Jean-Yves Daniel-Lesur (19 November 1908 – 2 July 2002) was a French organist and composer. His proper name was Jean-Yves-Daniel Lesur, but he was known often simply known as Daniel-Lesur. His mother, Alice Lesur, was an accomplished composer in her own right; some of her music was published.
He entered the Conservatoire de Paris at age 11, studying solfège with Emile Schwartz, harmony with Jean Gallon, and composition with Georges Caussade. He also took private lessons in piano with Armand Ferté and composition with Charles Tournemire. From 1935 to 1964, he was professor of counterpoint at the Schola Cantorum under director Nestor Lejeune, becoming director himself in 1957.
In 1936, he co-founded the group La Jeune France along with composers Olivier Messiaen (with whom he would remain a lifelong friend), André Jolivet and Yves Baudrier, who were attempting to re-establish a more human and less abstract form of composition. La Jeune France developed from the avant-garde chamber music society La spirale, formed by Jolivet, Messiaen, and Daniel-Lesur the previous year.
Between 1927 and 1937 he seconded Tournemire at the organ of Ste. Clotilde, Paris, and was organist of the Benedictine Abbey of Paris, 1937–44. Daniel-Lesur also served as director of the Opéra National de Paris from 1971 to 1973.
His opera Andrea del Sarto (1968) received the composition prize of the City of Paris in 1969. In 1973, he received the Prix Samuel Rousseau of the Académie des Beaux Arts. In 1982, he was elected member of the Institut de France.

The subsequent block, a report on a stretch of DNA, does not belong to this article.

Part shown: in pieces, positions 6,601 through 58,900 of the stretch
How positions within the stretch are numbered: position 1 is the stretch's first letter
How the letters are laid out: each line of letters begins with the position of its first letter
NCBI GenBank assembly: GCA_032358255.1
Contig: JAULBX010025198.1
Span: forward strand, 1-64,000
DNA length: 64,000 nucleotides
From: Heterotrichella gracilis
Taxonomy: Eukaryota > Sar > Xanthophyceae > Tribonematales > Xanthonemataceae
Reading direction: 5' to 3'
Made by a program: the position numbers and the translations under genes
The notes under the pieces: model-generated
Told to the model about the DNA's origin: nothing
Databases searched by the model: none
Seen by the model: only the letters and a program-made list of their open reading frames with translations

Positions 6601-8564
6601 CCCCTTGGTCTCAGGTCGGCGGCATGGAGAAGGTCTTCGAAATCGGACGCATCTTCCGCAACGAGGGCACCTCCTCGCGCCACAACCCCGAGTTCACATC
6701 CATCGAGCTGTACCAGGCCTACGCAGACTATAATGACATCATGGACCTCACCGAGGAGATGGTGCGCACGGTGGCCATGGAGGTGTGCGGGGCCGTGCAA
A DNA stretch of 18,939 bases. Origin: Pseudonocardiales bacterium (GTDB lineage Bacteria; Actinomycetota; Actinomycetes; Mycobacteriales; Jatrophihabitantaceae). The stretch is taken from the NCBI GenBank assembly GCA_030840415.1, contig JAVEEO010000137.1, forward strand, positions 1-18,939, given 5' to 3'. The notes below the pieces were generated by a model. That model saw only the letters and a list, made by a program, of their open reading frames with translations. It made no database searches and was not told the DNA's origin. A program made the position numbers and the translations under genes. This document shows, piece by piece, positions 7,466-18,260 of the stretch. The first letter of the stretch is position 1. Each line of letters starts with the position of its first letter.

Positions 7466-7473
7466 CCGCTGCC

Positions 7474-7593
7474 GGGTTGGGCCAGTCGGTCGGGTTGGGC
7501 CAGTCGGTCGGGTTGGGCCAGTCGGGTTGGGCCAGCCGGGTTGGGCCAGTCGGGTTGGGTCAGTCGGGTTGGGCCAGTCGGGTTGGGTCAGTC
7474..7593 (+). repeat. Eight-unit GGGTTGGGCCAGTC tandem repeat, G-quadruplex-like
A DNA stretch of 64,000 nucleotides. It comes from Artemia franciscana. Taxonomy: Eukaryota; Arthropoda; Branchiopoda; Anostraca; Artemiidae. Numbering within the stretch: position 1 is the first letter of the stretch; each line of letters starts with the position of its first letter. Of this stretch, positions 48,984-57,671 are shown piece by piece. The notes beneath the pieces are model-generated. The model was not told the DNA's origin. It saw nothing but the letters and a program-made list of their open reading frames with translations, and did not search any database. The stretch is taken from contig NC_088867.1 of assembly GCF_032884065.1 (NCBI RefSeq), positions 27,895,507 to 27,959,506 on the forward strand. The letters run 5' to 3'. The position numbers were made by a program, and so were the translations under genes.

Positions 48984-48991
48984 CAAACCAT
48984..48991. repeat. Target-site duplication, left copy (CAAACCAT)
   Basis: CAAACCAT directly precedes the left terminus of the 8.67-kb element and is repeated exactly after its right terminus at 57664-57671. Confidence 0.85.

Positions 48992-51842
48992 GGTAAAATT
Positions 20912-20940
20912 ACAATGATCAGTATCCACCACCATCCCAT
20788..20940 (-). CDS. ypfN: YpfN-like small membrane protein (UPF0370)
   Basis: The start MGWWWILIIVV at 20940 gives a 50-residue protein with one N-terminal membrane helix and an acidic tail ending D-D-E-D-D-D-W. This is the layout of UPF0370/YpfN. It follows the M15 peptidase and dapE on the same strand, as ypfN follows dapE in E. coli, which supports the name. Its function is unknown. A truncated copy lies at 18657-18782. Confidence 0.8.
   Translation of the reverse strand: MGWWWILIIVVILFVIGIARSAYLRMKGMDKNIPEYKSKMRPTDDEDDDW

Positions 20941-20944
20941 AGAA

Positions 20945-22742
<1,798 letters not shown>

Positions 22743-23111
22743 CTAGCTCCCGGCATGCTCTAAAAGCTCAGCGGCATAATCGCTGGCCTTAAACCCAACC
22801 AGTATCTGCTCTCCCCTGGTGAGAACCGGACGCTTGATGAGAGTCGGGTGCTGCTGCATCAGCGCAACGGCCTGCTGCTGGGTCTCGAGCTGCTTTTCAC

Choral works (with poets)
Songs (for voice and piano)
Le Cantique des cantiques
Daniel-Lesur's best-known composition is the a cappella choral work, Le Cantique des cantiques, a setting for 12 voices of parts of the Song of Songs, interspersed with Latin verses and New Testament texts. The seventh and final movement, titled "Épithalame", utilizes "the combination of richly harmonised upper voices singing the famous words from Chapter 8 of the Song of Songs in French ("Pose-moi comme un sceau sur ton coeur, comme un sceau sur ton bras. Car l'amour est fort comme la mort') over an ostinato set to Latin words ("Veni sponsa Christi") [which] has very great cumulative power, reaching a mighty twelve-part climax where all the voices sing a succession of Alleluias which initially emerge from the complex texture in a repeated motif coloured by the Lydian mode – an idea which seems to suggest the joyous pealing of bells." (From his obituary; see external links.) The Cantique des cantiques has been recorded by Harry Christophers and The Sixteen, and is frequently performed internationally by such groups as Chanticleer and the Santa Fe Desert Chorale.